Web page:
Unemployed Robert Martin (Lee Evans) is desperate to improve the life of his family and enters competition after competition in the hope of winning them the money they need to make a new start. But as the competitions never come through for him, Robert eventually takes matters into his own hands and steals tickets for a family holiday in the Isle of Man. The Martins embark on their travels excited about the prospects the holiday holds for them, but Robert's wife Angie (Kathy Burke) then finds out about one of his past indiscretions and the atmosphere sours very quickly indeed.
is a very dark, but also very funny tale of the urban underclass in modern Britain. Lee Evans is Robert Martin, an unemployed dreamer who tries to provide for his family the only way he knows how--by entering every competition he can. When the prize of a holiday is snatched away from him he embarks on a Falling Down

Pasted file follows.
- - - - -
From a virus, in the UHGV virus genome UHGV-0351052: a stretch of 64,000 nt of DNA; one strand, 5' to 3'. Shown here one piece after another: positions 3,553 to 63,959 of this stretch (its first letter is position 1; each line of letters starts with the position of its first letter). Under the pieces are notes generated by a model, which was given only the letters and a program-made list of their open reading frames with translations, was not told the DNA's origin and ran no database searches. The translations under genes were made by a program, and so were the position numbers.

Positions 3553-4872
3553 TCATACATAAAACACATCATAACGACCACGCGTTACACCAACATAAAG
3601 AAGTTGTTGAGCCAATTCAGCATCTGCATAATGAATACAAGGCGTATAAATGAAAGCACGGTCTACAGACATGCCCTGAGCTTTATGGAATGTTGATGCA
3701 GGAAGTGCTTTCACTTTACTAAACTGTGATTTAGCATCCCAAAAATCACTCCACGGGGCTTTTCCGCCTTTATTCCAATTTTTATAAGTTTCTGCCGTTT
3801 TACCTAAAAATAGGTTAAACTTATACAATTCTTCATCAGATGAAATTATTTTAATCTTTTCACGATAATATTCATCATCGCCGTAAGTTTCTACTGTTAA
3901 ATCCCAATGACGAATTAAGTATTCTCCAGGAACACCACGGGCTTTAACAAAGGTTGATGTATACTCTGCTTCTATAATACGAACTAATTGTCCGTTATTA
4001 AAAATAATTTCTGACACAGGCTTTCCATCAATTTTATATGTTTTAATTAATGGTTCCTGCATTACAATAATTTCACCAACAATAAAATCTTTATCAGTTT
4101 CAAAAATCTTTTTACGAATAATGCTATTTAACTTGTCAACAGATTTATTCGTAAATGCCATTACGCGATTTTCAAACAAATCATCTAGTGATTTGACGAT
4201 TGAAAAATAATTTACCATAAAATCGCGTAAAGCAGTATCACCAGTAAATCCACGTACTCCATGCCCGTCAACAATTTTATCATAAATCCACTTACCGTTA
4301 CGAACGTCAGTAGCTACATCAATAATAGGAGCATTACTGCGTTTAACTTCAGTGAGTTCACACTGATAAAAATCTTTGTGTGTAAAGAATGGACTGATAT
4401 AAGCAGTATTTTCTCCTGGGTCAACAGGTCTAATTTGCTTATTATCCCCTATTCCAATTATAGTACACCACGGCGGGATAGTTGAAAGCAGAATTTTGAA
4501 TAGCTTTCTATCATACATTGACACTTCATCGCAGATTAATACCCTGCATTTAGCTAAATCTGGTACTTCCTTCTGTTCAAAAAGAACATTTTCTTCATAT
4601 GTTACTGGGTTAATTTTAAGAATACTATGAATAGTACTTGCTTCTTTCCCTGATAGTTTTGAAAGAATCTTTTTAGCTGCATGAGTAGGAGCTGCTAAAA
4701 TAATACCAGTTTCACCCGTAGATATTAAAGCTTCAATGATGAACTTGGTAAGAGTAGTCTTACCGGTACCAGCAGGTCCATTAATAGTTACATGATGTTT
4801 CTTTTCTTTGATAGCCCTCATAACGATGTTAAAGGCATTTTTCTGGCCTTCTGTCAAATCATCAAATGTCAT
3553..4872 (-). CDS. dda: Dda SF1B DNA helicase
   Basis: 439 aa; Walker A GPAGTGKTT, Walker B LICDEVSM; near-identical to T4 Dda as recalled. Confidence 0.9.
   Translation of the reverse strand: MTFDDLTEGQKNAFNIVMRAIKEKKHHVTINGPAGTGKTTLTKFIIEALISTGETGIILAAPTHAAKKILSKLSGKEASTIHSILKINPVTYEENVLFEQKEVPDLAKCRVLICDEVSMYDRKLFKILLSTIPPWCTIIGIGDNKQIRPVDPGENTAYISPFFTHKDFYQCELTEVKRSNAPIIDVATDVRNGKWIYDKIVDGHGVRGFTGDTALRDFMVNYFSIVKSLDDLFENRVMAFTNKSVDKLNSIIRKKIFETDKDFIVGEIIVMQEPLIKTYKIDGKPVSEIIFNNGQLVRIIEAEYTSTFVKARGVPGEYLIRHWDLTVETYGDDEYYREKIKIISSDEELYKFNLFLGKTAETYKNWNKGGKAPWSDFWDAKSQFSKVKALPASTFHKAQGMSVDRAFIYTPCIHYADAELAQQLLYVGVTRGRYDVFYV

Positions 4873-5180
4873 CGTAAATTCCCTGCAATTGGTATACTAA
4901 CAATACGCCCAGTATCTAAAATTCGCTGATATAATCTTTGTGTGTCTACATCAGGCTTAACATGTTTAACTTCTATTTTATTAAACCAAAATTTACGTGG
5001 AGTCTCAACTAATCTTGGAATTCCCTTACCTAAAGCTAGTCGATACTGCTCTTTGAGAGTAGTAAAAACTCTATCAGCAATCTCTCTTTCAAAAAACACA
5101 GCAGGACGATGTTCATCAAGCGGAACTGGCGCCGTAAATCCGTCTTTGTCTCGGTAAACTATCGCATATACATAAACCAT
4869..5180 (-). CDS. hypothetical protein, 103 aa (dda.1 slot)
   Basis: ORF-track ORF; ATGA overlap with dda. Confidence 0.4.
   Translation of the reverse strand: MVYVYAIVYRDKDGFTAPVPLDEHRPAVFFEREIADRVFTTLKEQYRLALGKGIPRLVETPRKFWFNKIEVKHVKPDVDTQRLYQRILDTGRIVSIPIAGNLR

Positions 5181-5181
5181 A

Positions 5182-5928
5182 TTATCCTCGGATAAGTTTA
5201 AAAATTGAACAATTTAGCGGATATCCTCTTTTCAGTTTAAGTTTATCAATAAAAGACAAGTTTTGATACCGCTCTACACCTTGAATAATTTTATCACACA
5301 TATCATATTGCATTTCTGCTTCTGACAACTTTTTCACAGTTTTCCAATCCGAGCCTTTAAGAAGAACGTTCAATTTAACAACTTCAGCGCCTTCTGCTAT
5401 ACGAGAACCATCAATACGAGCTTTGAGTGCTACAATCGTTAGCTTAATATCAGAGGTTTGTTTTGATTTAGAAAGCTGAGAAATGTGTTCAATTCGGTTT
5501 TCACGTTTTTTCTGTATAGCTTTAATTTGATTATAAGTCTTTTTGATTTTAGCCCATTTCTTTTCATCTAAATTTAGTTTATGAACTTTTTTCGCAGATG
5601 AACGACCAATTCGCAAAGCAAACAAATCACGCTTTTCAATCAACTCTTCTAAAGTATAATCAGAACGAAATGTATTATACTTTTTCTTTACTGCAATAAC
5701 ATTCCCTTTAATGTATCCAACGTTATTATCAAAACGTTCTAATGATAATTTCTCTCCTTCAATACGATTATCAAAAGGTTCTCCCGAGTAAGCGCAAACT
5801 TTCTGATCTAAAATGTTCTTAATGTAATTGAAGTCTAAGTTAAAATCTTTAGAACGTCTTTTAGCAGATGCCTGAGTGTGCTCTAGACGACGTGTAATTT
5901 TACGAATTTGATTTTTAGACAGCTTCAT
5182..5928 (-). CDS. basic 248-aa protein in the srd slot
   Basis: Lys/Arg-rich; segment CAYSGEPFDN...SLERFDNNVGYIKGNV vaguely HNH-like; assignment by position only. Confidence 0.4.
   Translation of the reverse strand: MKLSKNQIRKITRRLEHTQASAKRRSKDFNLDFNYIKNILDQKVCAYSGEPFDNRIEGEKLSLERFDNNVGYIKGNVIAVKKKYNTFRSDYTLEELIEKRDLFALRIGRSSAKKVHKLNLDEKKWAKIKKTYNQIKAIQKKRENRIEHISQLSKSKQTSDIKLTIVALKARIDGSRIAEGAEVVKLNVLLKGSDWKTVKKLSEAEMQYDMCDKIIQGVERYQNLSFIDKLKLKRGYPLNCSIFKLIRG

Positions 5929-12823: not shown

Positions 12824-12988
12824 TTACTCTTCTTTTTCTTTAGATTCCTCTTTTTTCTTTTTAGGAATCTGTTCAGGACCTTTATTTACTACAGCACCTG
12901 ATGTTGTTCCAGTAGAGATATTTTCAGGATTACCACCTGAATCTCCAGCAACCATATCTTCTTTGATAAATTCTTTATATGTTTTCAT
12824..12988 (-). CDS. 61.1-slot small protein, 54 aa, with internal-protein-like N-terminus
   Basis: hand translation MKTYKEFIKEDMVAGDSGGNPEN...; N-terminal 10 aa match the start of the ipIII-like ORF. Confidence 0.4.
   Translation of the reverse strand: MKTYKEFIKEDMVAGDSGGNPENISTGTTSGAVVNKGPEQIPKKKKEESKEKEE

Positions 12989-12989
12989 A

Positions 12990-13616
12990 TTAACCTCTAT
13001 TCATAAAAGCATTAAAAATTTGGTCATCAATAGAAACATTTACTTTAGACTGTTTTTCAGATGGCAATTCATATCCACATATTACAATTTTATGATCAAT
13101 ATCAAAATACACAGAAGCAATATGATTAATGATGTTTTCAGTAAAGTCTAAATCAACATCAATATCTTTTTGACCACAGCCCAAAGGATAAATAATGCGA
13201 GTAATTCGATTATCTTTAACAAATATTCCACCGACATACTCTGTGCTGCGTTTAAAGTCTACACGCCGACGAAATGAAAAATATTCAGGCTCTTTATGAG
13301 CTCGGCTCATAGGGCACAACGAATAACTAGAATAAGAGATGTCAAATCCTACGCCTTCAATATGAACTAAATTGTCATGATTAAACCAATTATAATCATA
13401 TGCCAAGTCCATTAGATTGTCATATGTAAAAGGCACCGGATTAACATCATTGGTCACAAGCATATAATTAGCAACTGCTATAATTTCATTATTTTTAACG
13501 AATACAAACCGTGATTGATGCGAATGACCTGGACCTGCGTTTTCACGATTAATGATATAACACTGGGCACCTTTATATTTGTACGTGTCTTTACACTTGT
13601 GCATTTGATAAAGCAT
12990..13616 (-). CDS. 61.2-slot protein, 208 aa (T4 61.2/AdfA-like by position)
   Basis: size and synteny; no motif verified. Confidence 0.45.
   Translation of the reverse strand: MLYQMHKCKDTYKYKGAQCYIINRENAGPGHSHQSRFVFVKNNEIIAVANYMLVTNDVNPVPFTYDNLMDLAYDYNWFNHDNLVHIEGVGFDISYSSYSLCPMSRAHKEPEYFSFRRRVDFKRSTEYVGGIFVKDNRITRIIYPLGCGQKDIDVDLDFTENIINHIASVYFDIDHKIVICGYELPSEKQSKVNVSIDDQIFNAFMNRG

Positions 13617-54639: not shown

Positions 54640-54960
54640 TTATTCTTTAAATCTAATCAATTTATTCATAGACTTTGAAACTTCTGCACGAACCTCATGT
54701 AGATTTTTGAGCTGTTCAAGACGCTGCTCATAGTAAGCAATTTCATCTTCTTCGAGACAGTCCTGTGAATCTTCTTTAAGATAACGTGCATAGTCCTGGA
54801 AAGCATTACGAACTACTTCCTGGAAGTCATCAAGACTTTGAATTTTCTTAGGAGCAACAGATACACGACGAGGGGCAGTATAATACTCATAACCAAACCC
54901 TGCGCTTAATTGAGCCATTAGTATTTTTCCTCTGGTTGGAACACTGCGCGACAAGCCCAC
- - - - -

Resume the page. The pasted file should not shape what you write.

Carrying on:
-style wave of retribution, first on the local newspaper, then his son's school and finally the middle-class suburban couple who have "stolen" his prize. As he's shown in films such as Funny Bones
and There's Something About Mary
, Evans is an accomplished actor as well as a physical comedian, but the real revelation here is Kathy Burke, who imbues her character with a warm emotion and pathos as well as exhibiting the deftness of comic touch that we have come to expect from her. The simple but effective plot loses its way on a couple of occasions, but where the film really succeeds is in giving depth to a collection of characters who, while they may appear quite repulsive on the surface, are in reality just as human as the rest of us. Although it's worlds away from glib Hollywood feel-good comedy, in the end The Martins
does suggest that a little glimmer of hope can go a long way, something that makes this particular film all the more endearing. --Phil Udell
--This text refers to an out of print or unavailable edition of this title.